Mesut Ozil signing on deadline day is the Arsenal fans’ equivalent of the Berlin Wall coming down. Everyone remembers where they were, and of the hope they felt for the future. It was a feeling of community and togetherness that was supposed to signal the end of a cold, austere era. The idea that actually, things might be changing for the better.
All because of an awkward German Galactico, telling a press conference, “I am a Gunner,” in English so broken that it could have shared a treatment room with Jack Wilshere.
Perhaps Ozil not being able to recreate that particular day is the reason that his eight-year Premier League stint feels a little hollow - but you can’t deny that he was bloody good at his best. Never before had a playmaker delivered assists with the prolificacy of an ice-cold striker - yet the German-made his selflessness feel like laying down a challenge to other No.10s.
And for the machine-like efficiency of his output, he was still beautiful to watch. Refined, pure and childlike in his movement; an otherworldly ability on the ball. So often, he’s been labelled as a throwback as if it were a bad thing. When Ozil flicked the switch, it was like falling in love with football all over again. At the height of his powers, he set up 19 assists in a season for a dismally unbalanced Arsenal attack. As pundits went on about his inconsistency, the numbers suggested otherwise. It was impossible not to talk about him.
In a way, it still is. Ozil has gone from being a deer-like presence on the field to the elephant on the training ground. Arsenal losses are punctuated by the void of his creativity. Emile Smith Rowe’s burgeoning role in Mikel Arteta’s plans is shaped by the German’s ghost.
Depending on who you ask, Mesut Ozil is a pantomime villain lurking in the shadows of progression or Simba in exile, waiting for a revolution in his kingdom.
It’s desperately sad. All that talent, that game-changing gold dust, stuck in a locker in London Colney. Really, though, it’s difficult to know what else Ozil could have done differently.
Nobody’s perfect but it’s how you react that matters. Ozil buckled down after losing confidence in his first season, instead of seeking a move like fellow Real Madrid export, Angel Di Maria, for example. The German bulked up to cope with stronger defences, adapted his game and had to win his place back in Wenger’s side.
He dismissed links with Bayern Munich immediately in the 2014/15 season - his comments, “Mia San Arsenal” still adorn the Emirates on a banner - and his first two seasons brought two FA Cups. Ability and loyalty are the two biggest components for club legends, aren’t they?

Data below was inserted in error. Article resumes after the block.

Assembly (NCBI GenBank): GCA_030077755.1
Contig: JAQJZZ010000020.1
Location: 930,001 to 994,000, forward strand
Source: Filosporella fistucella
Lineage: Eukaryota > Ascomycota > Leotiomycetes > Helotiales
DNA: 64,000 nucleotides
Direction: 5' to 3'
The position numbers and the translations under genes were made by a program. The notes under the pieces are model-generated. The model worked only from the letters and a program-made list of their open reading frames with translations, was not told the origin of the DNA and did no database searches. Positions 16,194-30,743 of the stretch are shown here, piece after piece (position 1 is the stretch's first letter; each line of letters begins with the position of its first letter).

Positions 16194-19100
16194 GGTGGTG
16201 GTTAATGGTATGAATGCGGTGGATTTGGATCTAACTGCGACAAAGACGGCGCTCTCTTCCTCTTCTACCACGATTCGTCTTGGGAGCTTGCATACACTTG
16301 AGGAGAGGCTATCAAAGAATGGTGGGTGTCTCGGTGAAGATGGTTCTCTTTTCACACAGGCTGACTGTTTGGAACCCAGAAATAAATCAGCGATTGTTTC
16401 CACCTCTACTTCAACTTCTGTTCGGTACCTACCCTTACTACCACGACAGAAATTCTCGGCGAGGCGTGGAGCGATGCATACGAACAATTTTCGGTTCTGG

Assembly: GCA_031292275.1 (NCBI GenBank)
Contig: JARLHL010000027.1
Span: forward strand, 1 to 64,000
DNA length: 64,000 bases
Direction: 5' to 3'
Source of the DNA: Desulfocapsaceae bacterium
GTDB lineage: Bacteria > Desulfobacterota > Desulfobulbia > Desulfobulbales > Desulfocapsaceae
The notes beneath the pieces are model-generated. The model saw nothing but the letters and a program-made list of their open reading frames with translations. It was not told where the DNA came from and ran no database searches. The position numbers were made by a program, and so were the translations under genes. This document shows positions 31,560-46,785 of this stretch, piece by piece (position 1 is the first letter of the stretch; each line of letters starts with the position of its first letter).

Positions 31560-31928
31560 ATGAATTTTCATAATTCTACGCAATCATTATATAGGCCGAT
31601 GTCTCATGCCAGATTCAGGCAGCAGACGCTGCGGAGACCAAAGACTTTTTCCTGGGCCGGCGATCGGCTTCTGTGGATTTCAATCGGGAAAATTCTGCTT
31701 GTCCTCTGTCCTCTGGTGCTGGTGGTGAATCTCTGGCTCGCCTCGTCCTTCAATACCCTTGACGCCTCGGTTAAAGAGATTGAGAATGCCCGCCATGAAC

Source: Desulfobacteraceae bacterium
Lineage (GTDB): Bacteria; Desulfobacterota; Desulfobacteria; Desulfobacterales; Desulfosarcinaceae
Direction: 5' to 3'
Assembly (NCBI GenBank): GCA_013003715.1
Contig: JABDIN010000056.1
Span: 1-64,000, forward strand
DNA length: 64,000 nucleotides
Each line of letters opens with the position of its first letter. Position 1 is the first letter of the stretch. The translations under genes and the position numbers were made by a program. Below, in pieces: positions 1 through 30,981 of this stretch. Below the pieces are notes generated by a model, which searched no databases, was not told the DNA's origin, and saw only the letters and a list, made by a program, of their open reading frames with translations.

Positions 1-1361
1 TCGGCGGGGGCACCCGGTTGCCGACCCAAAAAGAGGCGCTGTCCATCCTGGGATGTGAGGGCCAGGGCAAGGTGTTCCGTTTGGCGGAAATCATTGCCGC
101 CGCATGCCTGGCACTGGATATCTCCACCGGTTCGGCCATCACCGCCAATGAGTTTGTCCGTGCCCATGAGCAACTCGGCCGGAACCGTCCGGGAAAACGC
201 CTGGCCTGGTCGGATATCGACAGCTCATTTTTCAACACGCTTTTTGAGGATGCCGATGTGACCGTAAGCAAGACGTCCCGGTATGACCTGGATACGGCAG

And yet to suggest Ozil is in the leagues of the Bergkamps, Henrys, even the Alan Smiths or Liam Bradys, is ridiculous to some Arsenal fans.
Ozil delivered unprecedented levels of creativity. He was truly world-class at his peak. He spoke routinely of his love for Arsenal and London, made subtle digs at Tottenham - it’s a rite of passage - and when Wenger was faced with losing both Ozil and Alexis Sanchez for nothing, he pledged his loyalty. Yet for some, he can’t lay a glove on the true legends.
Perhaps we judge Mesut Ozil harshly. The cliche is that he's a unicorn who drifted in and out of games; sulky and silky, only bothering to turn up when it suited him. The shrug, the sigh. His MO was simply to make others look good, rather than carry the team: he was an introvert expected to lead and in that respect, he failed.
Maybe it was simply a recipe for disaster to pile such pressure onto a player designed to assist others, when Arsenal as a whole has been so dysfunctional for a decade. Maybe Arsenal fans wanted too much from him. And maybe signing an elite playmaker was never a good idea when there were more pressing deficiencies. There's no denying though that when Arsenal were good, so was Ozil.
Whenever Ozil leaves north London, it will be not as a legend but a liability, in the end. An outcast ousted to raise capital, like selling your record collection on eBay to buy something more useful. Perhaps Arsenal were always destined to find themselves in this situation, with such a specific and expensive footballer. You can’t help but feel sorry for the whole debacle, though. And you can’t help but feel it wasn’t all his doing.
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